Twitter's long-awaited "Buy" button is live, allowing nearly 30 pilot merchants and nonprofits to accept payments from within Twitter's mobile app.
Twitter uses technology from Stripe and Gumroad to blend payments into the stream of tweets it presents to consumers. The process is designed to remove the friction of redirecting consumers to another app or website to purchase an item advertised on Twitter.
"For social media users, speed and convenience is absolutely vital [the Buy button] makes it faster and easier for people to check out the product and make a purchase," said David Paine, co-founder of 911 Day, a national nonprofit taking part in Twitter's commerce pilot.
The organization, which inspires Americans to do charitable service as tribute to those who died in the terrorist attacks of Sept. 11, 2001, raises funds by accepting donations and selling T-shirts and other souvenirs. About 70% to 80% of 911 Day's funding comes from individual donations, said Paine.
"We rely heavily on social media to communicate with our followers and participants," said Paine. "We dont have the money to run ads that bigger corporations do to reach customers, so Twitter, Facebook and other social media platforms are essential."
Before the Twitter commerce service, 911 Day would post links to its merchandise within tweets, but "that was disconnected from the Twitter experience," with customers pushed to the nonprofit's website, Paine said.
To start selling items through the "Buy" button, Paine had to set up an account with Gumroad, which takes 5% on the total sale and 24 cents per transaction. Merchants don't pay an extra per-transaction or monthly fee to use the Twitter service, he said.
Gumroad also worked with Twitter on its initial product cards, which graphically present the details of product that people link to through individual tweets.
Product cards "are a much-loved and much-valued feature, and this is an intuitive next step," said Sahil Lavingia, founder and CEO of Gumroad.
Gumroad merchants "can treat this like an additional feature of our product, versus a replacement," Lavingia said. "We want to live in a world where people that make stuff and the people that want that stuff are in the metaphorical room together, with little else."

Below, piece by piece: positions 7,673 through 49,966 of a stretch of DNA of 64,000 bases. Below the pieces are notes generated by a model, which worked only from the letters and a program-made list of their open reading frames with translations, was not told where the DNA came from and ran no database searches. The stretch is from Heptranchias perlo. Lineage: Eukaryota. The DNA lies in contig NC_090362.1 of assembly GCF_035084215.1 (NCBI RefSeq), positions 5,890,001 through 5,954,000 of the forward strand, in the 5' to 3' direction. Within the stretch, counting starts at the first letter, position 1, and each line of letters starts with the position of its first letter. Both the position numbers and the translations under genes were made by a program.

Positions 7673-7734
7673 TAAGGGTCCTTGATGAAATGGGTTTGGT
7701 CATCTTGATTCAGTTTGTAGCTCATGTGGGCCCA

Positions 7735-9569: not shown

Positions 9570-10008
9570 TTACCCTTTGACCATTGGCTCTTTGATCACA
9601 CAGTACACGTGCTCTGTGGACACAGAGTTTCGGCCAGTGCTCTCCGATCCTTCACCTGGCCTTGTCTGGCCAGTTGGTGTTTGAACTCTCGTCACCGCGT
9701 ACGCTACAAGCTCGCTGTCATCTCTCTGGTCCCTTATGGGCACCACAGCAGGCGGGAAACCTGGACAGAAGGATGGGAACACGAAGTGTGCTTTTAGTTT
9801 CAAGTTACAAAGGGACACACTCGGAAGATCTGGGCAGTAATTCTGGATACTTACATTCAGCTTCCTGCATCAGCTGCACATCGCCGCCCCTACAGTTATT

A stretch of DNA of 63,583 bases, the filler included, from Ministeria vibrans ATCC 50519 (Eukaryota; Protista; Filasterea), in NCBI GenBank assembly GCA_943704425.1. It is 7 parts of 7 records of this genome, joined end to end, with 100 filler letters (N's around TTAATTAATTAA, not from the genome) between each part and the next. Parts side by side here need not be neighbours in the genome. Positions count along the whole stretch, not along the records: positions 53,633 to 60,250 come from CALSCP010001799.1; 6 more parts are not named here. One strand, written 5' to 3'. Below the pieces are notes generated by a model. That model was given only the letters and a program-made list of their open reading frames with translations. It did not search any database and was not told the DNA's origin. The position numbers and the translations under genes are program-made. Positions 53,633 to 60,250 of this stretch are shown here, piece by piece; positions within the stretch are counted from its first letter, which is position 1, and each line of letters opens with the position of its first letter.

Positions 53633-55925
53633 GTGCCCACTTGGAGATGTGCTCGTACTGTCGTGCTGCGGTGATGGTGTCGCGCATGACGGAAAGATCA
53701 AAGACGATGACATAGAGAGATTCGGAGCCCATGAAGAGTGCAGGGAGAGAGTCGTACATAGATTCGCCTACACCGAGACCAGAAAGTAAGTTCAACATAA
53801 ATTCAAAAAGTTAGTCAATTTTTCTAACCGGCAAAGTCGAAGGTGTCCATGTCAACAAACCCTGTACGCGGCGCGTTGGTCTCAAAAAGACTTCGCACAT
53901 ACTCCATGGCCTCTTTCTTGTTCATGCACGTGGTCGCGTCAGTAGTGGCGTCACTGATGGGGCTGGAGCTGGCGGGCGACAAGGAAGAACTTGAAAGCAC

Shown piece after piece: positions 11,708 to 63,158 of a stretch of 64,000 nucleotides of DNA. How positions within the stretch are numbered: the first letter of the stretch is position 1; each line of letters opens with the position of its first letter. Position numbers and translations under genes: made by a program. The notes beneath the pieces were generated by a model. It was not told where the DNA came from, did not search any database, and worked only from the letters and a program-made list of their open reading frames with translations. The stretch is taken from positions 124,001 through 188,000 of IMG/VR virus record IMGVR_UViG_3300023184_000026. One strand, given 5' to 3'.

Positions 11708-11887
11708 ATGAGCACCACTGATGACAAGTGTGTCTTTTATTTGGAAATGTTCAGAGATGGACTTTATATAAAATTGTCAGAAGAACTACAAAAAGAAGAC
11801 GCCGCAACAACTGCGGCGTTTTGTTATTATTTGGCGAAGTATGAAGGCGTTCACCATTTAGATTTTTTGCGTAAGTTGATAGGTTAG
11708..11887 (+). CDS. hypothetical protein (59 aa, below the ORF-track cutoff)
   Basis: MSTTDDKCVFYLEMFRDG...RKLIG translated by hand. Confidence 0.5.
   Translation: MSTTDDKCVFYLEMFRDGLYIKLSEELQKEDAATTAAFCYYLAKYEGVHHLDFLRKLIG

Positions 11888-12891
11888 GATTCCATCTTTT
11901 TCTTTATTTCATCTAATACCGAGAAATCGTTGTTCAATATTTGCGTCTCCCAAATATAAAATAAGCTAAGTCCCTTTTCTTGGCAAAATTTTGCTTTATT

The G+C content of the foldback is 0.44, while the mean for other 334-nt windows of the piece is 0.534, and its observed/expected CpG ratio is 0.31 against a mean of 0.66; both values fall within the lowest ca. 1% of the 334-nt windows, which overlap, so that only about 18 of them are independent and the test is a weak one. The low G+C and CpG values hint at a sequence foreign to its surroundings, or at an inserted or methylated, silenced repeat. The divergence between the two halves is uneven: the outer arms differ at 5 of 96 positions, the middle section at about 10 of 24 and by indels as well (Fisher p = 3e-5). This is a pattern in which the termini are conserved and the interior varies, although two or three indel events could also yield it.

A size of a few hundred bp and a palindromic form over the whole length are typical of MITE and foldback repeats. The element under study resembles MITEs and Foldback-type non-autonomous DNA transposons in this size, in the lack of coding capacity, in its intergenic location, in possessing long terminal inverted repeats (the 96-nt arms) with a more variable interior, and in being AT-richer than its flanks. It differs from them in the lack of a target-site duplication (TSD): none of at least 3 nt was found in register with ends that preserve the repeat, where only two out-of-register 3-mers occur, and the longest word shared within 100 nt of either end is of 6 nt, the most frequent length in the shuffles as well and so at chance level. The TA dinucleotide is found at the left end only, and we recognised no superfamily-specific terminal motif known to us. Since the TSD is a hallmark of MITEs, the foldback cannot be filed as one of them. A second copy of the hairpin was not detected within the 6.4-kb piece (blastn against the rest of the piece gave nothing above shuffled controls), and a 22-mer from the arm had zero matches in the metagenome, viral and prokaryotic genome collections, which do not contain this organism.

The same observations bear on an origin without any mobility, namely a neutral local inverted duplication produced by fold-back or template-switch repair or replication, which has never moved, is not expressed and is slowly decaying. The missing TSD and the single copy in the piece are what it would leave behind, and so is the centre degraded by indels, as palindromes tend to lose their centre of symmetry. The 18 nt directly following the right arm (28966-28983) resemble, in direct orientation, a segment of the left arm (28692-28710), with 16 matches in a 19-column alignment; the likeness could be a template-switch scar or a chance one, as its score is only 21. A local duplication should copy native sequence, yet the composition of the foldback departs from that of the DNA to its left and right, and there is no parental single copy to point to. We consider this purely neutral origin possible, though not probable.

The "Buy" button also uses Stripe's one-touch payment processing application programming interface (API). Consumers who tap the "Buy" button must then input their payment credentials and shipping details. That information is then stored for subsequent one-click purchases.
"Social commerce is an exciting new direction," said Patrick Collison, co-founder and CEO of Stripe, in an email. "We're thrilled to be working with Twitter to enable seamless in-tweet purchase experiences for consumer and merchants."
Stripe allows merchants to accept credit cards in 139 different currencies. The company recently said it would support Bitcoin payments. It has also partnered with AliPay, enabling consumers in China to more seamlessly make purchases with Stripe merchants.
Some of Twitter's other test partners include Home Depot; musicians Brad Paisley, Wiz Khalifa and Pharrell; and RED, an AIDS awareness and prevention nonprofit. Specific tweets from these organizations will feature a "Buy" button to allow consumers to make purchases and donations through the new interface.
Fancy, a social shopping platform and Musictoday, a direct-to-consumer ecommerce site for musicians, will also be initial partners for Twitter's commerce pilot. In February, mock-ups of a Twitter commerce platform were found on a public section of Fancy.com.
In July, Twitter agreed to buy CardSpring, a payments infrastructure provider. The company's services allowed merchants to offer and track promotions across multiple channels.
Social media payments have been hit or miss. Chirpify, Dwolla, American Express and a handful of startups facilitate consumer payments via Twitter. But Chirpify has changed its model to focus on advertising for large merchants and Dwolla said the initiative was more of a social experiment.
"Twitter is the only player that can actually create a 'viral sale,'" said Adil Moussa, payments strategic marketing analyst at Adil Consulting. "Today, the friction or the breakage in the sale process is happening because people don't have one environment that will support these three platforms at once: a distribution platform that reaches millions with one click, a payment platform attached to the distribution model that allows a one-click purchase, and a platform that is conducive to impulse purchases."
Moussa suggests Twitter could provide all three features in one application and make a profit by using an aggregation model like what Apple uses for small iTunes purchases. But, he said, "This is a complex undertaking that mixes payment, commerce and marketing while limited by 140 characters."
Twitter's new service is available to only a small percentage of U.S. consumers but will be rolled out to others later.